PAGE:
Analysis. Petrobras will remain at the center of Brazilian economics and politics, especially now that Lula is back on the scene.

Bolsonaro’s shakeup at Petrobras raises the prospect of further privatizations

The pandemic has not halted the maneuvers around Petrobras, the largest company in Latin America and an emblem of Brazilian nationalism. In recent years, important games have been played on the oil field which, amidst successes and scandals, have changed the political equilibrium of Brazil.

At the end of February this year, it was Bolsonaro who took the initiative, appointing former army general Joaquim Silva and Luna to the top of the company, replacing Roberto Castello Branco, who was in office since 2019. We’d have to look back to 1989 to find another military man at the helm of the oil company, a legacy of the old regime. The change championed by Bolsonaro took economists and politicians by surprise and came in the aftermath of the announcement of a 10% increase in the price of gasoline and 15% increase in the price of diesel. It would be the fifth hike since the beginning of 2021, with truckers poised to block the country. Bolsonaro, after having declared that he did not want to intervene in the dynamics of the market, accused the management of the oil company of “cowardice” for the increases and for catering to investors rather than Brazilians.

The Bolsonaro initiative produced a 25% collapse in Petrobras shares, that partially recovered in the following days, sparking a discussion on the strategic role of the oil company in the country’s economy and on fuel pricing policies.

The privatization of large publicly owned sectors are the flagship of this government: companies, airports, highways, ports, banks, national parks. There are 115 projects, including concessions and privatizations, which represent the largest dismantling program in the history of the Latin American continent.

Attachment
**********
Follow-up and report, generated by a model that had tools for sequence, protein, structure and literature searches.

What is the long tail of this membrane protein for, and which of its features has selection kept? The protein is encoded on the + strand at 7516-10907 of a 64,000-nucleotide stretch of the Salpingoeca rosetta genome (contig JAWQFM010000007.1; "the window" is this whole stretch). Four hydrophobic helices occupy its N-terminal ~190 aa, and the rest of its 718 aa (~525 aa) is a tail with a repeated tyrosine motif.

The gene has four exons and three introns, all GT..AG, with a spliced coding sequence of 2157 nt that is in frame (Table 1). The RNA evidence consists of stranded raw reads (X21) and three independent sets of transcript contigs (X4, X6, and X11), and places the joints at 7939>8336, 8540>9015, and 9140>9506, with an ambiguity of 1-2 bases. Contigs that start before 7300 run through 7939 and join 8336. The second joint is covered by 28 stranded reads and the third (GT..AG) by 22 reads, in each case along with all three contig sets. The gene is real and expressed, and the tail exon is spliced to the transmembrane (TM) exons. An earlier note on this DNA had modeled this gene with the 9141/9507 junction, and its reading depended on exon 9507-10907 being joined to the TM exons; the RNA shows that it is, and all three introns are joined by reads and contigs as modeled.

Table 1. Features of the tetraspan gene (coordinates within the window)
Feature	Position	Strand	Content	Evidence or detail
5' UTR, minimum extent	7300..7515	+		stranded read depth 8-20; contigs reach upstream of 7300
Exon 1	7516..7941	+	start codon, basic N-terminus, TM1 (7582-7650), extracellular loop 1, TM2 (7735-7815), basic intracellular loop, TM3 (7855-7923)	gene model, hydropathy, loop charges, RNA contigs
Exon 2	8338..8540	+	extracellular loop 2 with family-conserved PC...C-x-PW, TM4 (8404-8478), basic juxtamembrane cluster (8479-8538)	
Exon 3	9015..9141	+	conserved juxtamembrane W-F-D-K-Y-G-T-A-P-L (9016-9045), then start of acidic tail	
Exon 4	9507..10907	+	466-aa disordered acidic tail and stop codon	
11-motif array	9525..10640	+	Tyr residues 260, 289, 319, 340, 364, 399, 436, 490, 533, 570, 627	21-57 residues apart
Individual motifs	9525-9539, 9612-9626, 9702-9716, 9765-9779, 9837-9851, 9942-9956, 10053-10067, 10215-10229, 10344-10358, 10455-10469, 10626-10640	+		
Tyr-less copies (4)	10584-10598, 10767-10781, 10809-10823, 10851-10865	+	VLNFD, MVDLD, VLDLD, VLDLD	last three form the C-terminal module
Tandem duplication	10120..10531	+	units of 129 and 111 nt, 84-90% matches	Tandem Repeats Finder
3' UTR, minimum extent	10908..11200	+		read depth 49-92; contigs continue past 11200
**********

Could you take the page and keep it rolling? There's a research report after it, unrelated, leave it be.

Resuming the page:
Petrobras has never officially entered the list of companies to be privatized, but the share of public capital has progressively reduced since the Temer government. If in 1995 the share held by the state was 75%, at the Temer settlement it was 68%. The coup president put gas stations and part of the pipeline network on the market, reducing the state share to 62.7%. In just over two years, the Bolsonaro government further weakened the oil company, putting 8 of the 13 refineries operating in Brazil on the market, and selling the activities related to the petrochemical sector, with the result of reducing the share held by the state to 50.2%, just enough to control the company. An underground dismantling work.

Now, after justifying privatizations as “a necessity after the mismanagement of left-wing governments,” we are concerned about the loss of consensus that can provoke an unscrupulous policy of dismantling publicly owned companies. There are also large sectors of the armed forces, which are Bolsonaro’s “party” of reference, that hinder the privatization of strategic companies such as Petrobras. Moving forward in the work of dismantling, but doing so judiciously, seems to be the new posture of government. Furthermore, a survey by the Datafolha Institute shows that 65% of Brazilians want public control over the oil company.

After the divestment of numerous assets, Petrobras is essentially engaged in the extraction of crude oil, no longer operating the entire chain from well to pump. Refining takes place in other countries, with the paradox that Brazil must import petrol and diesel, subjecting itself to the dynamics of the international market. During the Lula and Dilma governments, a system of administered prices was put in place and adjustments took into account the internal market and inflation, avoiding strong fluctuations and limiting the impact on the cost of living.

The new extraction techniques have allowed the Brazilian company to reach record levels of production at the beginning of 2020, with 4 million barrels per day and even during this pandemic, production levels remain high. The insatiable demand from Asian refineries drives exports of Brazilian oil which, due to its low sulfur content, lends itself to being refined more easily and economically.

The crude oil comes from the vast submarine fields identified in 2000 which have made Brazil an oil powerhouse. When, in 2007, the Tupi field, also called the Lula field, was identified 250 km off the coast of Rio, the president defined that discovery as “the second independence of Brazil” and Petrobras was seen as an engine for the country’s economic development. That project was abruptly interrupted starting from 2016 by the political-judicial events that overwhelmed Dilma and Lula and paved the way for Bolsonaro.

But Petrobras will continue to be at the center of Brazilian economy and politics, even more so after Lula’s return to the political scene. The role that public enterprises must have, their ability to foster development, but also the degenerations they often face, are issues that will animate the debate in Brazil.

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